• Limit your alcohol intake. Excessive alcohol consumption can lead to all kinds of health problems, including liver disease, heart problems, increased risk of cancers, and it can exacerbate existing mental health problems. Consider reducing your existing alcohol intake rather than implementing an all-or-nothing approach, which can lead to binge drinking.

Get Better Sleep

When you sleep, your body is hard at work. Your nerve cells communicate and reorganize, your brain processes new information, your cells repair themselves, your body releases hormones, and new tissues and proteins are made. Sleep is critical to healthy body functioning.

Sleep also has a direct impact on your immune system. People who don’t get enough sleep are more likely to get sick after they’re exposed to illness, and sleep also improves the function of T-cells, which fight off viral infections and boost the immune functions of other cells.4

It’s difficult to simply manifest better sleep. To improve the duration and quality of your sleep, small, consistent changes are often the most effective.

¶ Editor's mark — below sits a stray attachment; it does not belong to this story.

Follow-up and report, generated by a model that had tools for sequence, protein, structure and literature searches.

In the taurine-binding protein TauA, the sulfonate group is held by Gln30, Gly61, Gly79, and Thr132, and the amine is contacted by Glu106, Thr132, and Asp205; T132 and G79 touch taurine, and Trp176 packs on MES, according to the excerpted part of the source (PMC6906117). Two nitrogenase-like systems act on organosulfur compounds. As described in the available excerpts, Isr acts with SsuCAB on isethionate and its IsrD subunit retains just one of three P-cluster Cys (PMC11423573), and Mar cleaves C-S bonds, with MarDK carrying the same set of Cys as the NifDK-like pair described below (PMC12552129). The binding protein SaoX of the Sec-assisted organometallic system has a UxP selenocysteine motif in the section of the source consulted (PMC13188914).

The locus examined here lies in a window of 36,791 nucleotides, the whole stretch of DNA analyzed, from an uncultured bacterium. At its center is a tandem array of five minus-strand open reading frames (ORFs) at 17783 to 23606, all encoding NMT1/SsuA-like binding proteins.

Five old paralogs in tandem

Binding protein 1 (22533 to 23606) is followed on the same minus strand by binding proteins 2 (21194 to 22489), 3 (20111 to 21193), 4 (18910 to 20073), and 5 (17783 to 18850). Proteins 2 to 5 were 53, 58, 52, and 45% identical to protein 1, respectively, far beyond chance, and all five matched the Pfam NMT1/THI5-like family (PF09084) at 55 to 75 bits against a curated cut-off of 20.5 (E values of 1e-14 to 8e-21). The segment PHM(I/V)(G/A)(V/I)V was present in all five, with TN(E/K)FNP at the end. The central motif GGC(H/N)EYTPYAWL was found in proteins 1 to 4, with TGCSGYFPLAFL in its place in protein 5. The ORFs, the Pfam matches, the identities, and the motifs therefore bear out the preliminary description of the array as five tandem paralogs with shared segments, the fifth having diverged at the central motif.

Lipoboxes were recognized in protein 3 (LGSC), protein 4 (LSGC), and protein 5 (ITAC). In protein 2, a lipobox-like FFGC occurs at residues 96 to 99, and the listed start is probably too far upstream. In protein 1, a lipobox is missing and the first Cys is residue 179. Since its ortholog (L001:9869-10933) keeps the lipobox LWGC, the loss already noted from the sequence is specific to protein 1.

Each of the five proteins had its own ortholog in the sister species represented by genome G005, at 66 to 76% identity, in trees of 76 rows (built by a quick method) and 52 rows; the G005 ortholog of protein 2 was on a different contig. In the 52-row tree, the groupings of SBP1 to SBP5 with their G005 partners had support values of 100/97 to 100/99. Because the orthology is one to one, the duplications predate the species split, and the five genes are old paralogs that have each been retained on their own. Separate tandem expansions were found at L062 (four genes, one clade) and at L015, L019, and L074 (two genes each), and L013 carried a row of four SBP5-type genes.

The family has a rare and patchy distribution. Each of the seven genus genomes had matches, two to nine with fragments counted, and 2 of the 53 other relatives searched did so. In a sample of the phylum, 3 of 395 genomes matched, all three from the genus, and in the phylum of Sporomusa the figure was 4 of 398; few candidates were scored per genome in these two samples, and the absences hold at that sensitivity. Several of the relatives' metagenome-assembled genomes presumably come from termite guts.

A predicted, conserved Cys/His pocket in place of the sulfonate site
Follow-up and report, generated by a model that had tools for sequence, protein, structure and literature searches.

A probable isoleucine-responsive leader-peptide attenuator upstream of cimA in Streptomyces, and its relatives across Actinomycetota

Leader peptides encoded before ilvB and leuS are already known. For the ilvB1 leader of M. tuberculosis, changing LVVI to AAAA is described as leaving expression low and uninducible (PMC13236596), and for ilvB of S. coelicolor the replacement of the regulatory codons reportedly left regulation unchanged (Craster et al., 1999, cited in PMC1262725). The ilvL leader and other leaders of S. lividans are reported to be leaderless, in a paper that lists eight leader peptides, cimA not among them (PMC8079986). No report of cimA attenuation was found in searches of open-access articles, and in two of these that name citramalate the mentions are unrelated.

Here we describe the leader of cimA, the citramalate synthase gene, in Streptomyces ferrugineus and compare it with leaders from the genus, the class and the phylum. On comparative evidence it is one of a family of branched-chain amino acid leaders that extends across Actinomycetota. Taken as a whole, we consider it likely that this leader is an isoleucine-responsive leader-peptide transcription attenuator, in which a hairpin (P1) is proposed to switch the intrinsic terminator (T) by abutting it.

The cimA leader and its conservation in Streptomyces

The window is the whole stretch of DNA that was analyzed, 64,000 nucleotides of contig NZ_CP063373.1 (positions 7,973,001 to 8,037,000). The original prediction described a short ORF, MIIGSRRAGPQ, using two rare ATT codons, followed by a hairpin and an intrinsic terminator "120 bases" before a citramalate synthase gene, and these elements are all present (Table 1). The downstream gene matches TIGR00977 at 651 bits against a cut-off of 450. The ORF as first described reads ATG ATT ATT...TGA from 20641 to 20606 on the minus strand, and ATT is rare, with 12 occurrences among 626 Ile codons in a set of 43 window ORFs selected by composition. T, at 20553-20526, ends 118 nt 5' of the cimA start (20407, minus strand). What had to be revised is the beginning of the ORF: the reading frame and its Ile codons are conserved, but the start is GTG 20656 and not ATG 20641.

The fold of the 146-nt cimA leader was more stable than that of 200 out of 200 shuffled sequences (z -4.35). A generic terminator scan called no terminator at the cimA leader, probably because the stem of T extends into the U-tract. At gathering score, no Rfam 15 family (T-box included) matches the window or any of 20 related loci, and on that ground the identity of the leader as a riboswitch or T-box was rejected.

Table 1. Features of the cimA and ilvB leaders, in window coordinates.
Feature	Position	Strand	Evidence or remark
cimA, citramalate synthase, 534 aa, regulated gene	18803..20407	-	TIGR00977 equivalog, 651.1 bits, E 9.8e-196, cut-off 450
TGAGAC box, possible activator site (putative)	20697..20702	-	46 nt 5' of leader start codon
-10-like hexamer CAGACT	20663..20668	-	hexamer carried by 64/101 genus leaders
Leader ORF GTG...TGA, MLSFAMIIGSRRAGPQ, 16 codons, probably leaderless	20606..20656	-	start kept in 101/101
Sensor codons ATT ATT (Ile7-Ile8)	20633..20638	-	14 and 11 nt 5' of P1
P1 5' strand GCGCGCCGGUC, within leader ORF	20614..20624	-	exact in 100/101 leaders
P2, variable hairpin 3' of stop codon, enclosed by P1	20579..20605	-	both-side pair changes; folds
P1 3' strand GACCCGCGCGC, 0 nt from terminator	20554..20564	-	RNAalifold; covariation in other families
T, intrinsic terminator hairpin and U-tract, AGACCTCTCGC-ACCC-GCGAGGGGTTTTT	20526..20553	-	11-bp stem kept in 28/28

Small changes you can make to improve your sleep include:

  • Limit caffeine after lunch. Many people rely on an afternoon burst of caffeine to get through the day, but that additional caffeine can make it more difficult to fall asleep and stay asleep at night. You don’t have to give up your morning cup of coffee, but be mindful of your afternoon caffeine intake. If you do feel like you need a burst of energy, consider taking a short walk, drinking some cold water, or getting outside to wake yourself up.
  • Stick to a consistent sleep schedule. If your schedule permits, try to go to bed and wake up at the same time every day, even on weekends. This consistency reinforces your body’s sleep-wake cycle.